As a result of this severe corrosion deterioration, in 1993 the Port’s asset management division installed an arc spray zinc (ASZ) galvanic cathodic protection (GCP) system to mitigate corrosion activity and protect the two dock’s reinforced concrete elements from further deterioration. In 2019, 26 years after the installation of the original GCP system, Oil Docks 4 and 7 again began to show signs of concrete deterioration due to reinforcement corrosion. This was due to the original ASZ system no longer providing protection to the oil docks. An ASZ system typically has a service life between 10-20 years depending on the exposure environment, with a coastal environment being the most aggressive on the CP service life.
The installation process of a proposed new ASZ system created logistical issues when dealing with the hot work schedule of the port. These inefficiencies caused the project budgets to balloon. An alternative solution was needed to expedite the project timeline and reduce cost.
VCS was contracted to provide an alternate Cathodic Protection (CP) solution to the current ASZ. VCS began by redesigning the cathodic protection system to last 25 years using two-stage anodes along each beam and column supporting the oil dock structure.
Over a period of 6 months, over 3,000 two-stage anodes were installed into the beams and columns to extend the service life of Oil Docks 4 and 7 at the Port of Corpus Christi, Texas. The valued engineering services and the newly proposed CP system was able to save the Port approximately $1.6 million in overall project cost, maintained the proposed completion schedule, and further extend the service life of the Oil Docks than what could have been achieved with ASZ.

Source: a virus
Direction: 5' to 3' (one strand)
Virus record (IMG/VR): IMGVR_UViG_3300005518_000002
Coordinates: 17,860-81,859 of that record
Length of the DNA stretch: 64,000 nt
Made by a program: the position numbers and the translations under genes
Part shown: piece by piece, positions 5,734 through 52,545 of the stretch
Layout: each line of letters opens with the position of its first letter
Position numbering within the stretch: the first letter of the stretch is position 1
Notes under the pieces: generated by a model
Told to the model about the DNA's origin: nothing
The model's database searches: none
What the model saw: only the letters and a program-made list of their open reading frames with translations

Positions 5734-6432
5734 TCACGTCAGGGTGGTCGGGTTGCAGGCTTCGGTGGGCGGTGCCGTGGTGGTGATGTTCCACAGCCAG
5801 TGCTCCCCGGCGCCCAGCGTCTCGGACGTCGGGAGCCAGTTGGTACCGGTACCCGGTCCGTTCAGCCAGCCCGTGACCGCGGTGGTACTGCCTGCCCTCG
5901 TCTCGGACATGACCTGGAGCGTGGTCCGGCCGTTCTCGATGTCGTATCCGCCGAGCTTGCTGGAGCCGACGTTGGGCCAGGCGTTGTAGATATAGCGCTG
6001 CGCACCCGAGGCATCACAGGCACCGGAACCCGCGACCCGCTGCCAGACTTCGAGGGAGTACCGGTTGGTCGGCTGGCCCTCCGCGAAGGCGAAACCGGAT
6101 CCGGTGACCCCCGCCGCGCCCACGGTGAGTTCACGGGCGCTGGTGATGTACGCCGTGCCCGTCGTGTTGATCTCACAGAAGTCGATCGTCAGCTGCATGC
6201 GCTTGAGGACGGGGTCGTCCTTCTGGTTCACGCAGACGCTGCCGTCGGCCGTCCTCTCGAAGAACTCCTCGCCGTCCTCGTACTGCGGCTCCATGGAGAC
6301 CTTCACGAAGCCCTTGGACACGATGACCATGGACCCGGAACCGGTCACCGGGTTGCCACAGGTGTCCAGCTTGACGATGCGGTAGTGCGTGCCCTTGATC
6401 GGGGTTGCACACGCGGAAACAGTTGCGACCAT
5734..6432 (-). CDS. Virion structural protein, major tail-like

The project was completed successfully within the desired schedule and budget. Both oil docks are currently active and fully operational without any signs of active corrosion and anode monitoring shows the system is functioning as designed. There were many challenges to the project however through consistent communication and teamwork, the construction activities did not affect the berthing and loading/unloading of the inbound or outbound oil tankers and the Port was ultimately able to keep the oil docks operational throughout the construction phase and continue to be one of the nation’s most important ports.